View from Bedford Peak, Orange County, CA

Bedford Peak


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  • Location: Santa Ana Mountains near the town of Silverado, eastern Orange County.  From the south, take I-5 to the El Toro Road exit.  Go northeast on El Toro for 11.6 miles (it becomes Santiago Canyon Road on the way), and go right (east) on Silverado Canyon Road.  At 5.4 miles, park at the forest gate.  From the north or west, take the 55 freeway to Chapaman.  Head east on Chapman (which becomes Santiago Canyon Road) for 11 miles and go left onto Silverado Canyon and follow it to the gate.  (If the gate is open you can drive a short distance and park in a dirt lot right next to the trail head). A National Forest Service Adventure Pass ($5 for a day or $30 for the year) is required for parking. Click here to purchase. (NOTE: Silverado Canyon Road may be subject to weather-related closures. Check the link below for updates).
  • Agency: Cleveland National Forest/Trabuco Ranger District
  • Distance: 7 miles
  • Elevation gain: 2,000 feet
  • Suggested time: 4 hours
  • Difficulty Rating: PG-13 (Elevation gain, distance)
  • Best season:  October – May
  • Dogs: Allowed (exercise caution on warm days; be aware of vehicle traffic on Main Divide Road; some of the rocky terrain may be difficult on their paws)
  • Cell phone reception: None
  • Water: None
  • Restrooms: Chemical toilets at the trailhead
  • Camping/backpacking: None
  • Recommended gear: sunblock; sun hat; hiking poles
  • Recommended guidebook: Afoot and Afield: Orange County
  • More information: trip descriptions here, here, here and here.
  • Rating: 8

Updated March 2018

Straddling the Orange/Riverside County line, Bedford Peak is the seventh tallest named summit in the Santa Ana Mountains at 3,800 feet. Although that is almost 2,000 feet lower than the range’s highest peak, Santiago, Bedford’s views are almost as impressive. If visibility is good, the vistas may extend from Cuyamaca Peak in the southeast to Santa Barbara Island in the west. You will also likely see Mt. Lukens’ round shape far to the northwest and the low-lying shape of San Clemente Island to the left of Catalina.

Of course, you have to work for those views. After walking a short distance past the gate along the pavement, you pick up the Maple Springs Truck Trail (Silverado Trail on some maps) on the left and begin an ascent of 1,400 feet in two miles that is completely exposed (although late in the day you will have the advantage of having the sun blocked out by the steep canyon walls). The beautiful drive to the trail head, along oak-shaded Silverado Canyon Road, amounts to false advertising. Nevertheless, as you climb, the views get better and better: east deeper into the canyon and west toward the ocean.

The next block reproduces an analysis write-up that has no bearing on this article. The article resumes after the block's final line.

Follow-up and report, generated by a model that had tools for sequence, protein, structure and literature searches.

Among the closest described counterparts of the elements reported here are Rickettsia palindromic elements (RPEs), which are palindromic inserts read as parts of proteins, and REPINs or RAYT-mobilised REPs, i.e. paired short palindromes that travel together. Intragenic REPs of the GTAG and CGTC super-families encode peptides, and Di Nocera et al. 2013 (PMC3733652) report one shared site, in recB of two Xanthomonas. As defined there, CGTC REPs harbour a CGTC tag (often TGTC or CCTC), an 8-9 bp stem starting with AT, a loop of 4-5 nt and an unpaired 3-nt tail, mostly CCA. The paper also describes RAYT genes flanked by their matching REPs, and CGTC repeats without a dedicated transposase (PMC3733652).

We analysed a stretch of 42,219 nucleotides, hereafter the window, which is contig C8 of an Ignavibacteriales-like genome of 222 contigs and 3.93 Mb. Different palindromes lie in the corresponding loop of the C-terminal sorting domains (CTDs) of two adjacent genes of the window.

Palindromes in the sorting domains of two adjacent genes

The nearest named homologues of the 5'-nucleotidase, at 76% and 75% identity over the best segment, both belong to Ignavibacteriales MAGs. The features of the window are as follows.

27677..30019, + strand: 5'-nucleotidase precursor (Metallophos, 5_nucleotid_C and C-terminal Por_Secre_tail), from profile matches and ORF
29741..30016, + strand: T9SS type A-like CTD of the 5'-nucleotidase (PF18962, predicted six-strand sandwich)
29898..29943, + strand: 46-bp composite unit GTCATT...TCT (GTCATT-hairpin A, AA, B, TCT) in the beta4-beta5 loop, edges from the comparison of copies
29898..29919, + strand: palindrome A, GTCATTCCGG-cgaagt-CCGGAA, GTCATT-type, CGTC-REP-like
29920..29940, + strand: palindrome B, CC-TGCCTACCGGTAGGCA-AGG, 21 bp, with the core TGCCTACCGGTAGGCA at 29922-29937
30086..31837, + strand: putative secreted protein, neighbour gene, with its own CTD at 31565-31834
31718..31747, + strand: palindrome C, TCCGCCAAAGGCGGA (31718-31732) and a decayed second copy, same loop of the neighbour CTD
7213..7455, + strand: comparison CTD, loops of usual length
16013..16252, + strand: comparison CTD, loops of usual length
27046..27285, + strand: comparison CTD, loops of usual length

At 2.2 miles you reach a ridge separating Silverado Canyon from Ladd Canyon to the north. The trail heads northeast, making one more ascent before leveling out, providing a welcome break from the ascent (your work is now basically over). Bedford’s round summit is now visible. You meet Main Divide Road at 3 miles where you will bear right and follow it for 0.3 miles, enjoying views of San Gorgonio, San Jacinto and Lake Elsinore. Look for a broken pipe fence with a use trail climbing a short distance to Bedford’s summit ridge. At the southern end of the ridge is a metal bench, placed there in 2013 – a welcome addition to the previously bare summit.

Maple Springs Truck Trail
Start of the Maple Springs Truck Trail
Maple Springs Truck Trail
Looking down into Silverado Canyon
Maple Spings Truck Trail
Approaching the ridge
Main Divide Road, Santa Ana Mountains, CA
Lone tree, Main Divide Road
Maple Springs Truck Trail to Bedford Peak
View of Bedford Peak just before Main Divide Road
Bedford Peak, Orange County, CA
Use trail to the summit
Bedford Peak, Orange County, CA
Mt. Baldy from Bedford Peak
Maple Springs Truck Trail, Orange County, CA
Late afternoon on the Maple Springs Truck Trail

Text and photography copyright 2018 by David W. Lockeretz, all rights reserved. Information and opinions provided are kept current to the best of the author’s ability. All readers hike at their own risk, and should be aware of the possible dangers of hiking, walking and other outdoor activities. By reading this, you agree not to hold the author or publisher of the content on this web site responsible for any injuries or inconveniences that may result from hiking on this trail. Check the informational links provided for up to date trail condition information.

 

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